The man seen in this image was in the area when a woman was raped on the lower promenade around 2am.
The victim, a 21-year-old woman, had been out with friends on Saturday evening but left by herself. She was walking on the upper promenade at around 2am, towards the pier, when a man she had not met before pulled her onto the lower promenade, just to the east side of the pier, where he raped her.
Detective Chief Inspector Ian Williams said: "This man could hold key information about what happened and could help us trace the suspect.
The man who raped her is described as Asian or mixed race, medium build with a bald head or shaved head, no taller than 5' 6" with a round face and clean shaven. He was wearing a thick dark coloured jumper with a round neck with buttons or a zip to half way down his chest, he had a blue T-shirt on underneath.
Ten new stamps celebrating the variety and originality of the UK's seaside architecture are being launched by the Royal Mail today.
The selection features distinctive types of architecture from resorts large and small, from the Victorian and art deco eras, to 1930s' modernism up to the present day.
Among six special stamps are images of Eastbourne's blue-domed seafront bandstand, along with a modern shelter further east on the East Sussex coast in Bexhill-on-Sea.
Meanwhile, a miniature sheet of four stamps has been produced, paying tribute to the piers of Llandudno, Dunoon, Brighton and Worthing, with Southend Pier as the background image.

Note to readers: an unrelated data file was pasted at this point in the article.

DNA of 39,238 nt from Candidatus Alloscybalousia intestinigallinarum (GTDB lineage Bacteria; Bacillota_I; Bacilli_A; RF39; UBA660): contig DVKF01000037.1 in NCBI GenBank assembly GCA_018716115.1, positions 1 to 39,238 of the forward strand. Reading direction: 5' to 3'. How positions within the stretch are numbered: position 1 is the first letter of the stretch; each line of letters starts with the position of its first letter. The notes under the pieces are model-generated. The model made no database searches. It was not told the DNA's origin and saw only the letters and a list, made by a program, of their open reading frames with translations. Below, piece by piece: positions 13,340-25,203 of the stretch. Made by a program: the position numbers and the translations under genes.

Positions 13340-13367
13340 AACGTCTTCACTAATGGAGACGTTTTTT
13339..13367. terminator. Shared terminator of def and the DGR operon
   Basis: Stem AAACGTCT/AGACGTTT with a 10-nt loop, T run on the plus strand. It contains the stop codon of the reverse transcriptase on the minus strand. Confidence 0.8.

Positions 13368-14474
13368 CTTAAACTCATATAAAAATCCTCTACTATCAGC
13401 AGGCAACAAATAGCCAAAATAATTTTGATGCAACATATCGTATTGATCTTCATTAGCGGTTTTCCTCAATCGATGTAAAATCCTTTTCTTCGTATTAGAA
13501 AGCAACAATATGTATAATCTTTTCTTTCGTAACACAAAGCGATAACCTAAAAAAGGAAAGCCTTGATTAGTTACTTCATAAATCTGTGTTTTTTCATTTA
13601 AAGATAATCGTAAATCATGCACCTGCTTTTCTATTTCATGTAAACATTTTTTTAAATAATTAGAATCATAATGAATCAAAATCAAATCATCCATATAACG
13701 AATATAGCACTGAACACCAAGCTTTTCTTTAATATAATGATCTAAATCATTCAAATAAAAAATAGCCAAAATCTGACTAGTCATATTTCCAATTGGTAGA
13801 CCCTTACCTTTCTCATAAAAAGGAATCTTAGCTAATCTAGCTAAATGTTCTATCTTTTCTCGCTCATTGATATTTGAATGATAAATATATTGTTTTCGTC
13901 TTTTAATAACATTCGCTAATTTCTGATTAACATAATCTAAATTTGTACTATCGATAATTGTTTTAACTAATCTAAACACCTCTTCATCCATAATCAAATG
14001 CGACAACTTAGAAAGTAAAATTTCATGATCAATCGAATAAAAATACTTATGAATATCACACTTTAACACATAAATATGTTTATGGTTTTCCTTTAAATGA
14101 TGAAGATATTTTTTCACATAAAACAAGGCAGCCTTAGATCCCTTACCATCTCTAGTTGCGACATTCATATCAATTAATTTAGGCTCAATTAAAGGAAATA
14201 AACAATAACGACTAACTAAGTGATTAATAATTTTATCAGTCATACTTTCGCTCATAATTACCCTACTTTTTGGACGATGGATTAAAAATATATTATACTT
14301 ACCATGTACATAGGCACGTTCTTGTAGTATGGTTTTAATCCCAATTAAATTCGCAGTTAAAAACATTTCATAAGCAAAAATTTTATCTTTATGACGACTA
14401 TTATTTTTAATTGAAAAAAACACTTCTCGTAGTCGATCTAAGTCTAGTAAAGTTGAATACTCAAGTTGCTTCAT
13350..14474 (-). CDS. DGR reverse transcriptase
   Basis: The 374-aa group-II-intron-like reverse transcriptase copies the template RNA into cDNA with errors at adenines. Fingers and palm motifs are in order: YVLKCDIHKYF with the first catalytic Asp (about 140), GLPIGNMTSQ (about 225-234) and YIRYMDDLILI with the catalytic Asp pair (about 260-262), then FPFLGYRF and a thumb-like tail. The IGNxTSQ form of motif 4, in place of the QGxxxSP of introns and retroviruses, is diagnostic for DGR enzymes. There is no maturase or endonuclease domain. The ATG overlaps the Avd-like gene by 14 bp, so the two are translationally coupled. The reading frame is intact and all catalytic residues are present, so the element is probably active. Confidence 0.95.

"This stamp issue captures the spirit of the seaside experience through the buildings and structures that are so distinctive of the UK's resorts, which were designed for the pleasure of the visitor."
All ten stamps can be bought in a presentation pack for £10.05. The miniature sheet depicting four pier stamps is available for £3.80.
From the point of the view of her mother, Amelia's timing could not have been worse.
She was born at the roadside - on the way from Eastbourne to the nearest maternity unit more than 20 miles away at Hastings.
But from the point of view of campaigners - fighting to restore full maternity services to Eastbourne - baby Amelia's timing could not have been better.
Her dramatic arrival comes as health inspectors assess the impact of downgrading services, including maternity, in East Sussex. Andy Dickenson has the story.
From the point of the view of her mother, Amelia's timing could not have been worse. She was born at the roadside - on the way from Eastbourne to the nearest maternity unit more than 20 miles away at Hastings. But from the point of view of campaigners - fighting to restore full maternity services to Eastbourne - baby Amelia's timing could not have been better. Her dramatic arrival comes as health inspectors assess the impact of downgrading services, including maternity, in East Sussex. More later.
The fire that closed Eastbourne Pier three weeks ago has hit the town's traders hard. And none harder than the stallholders who were trading on the pier itself. They were uninsured and faced financial ruin. But today they're trading once more. Not on the pier - but the next best thing. John Ryall reports.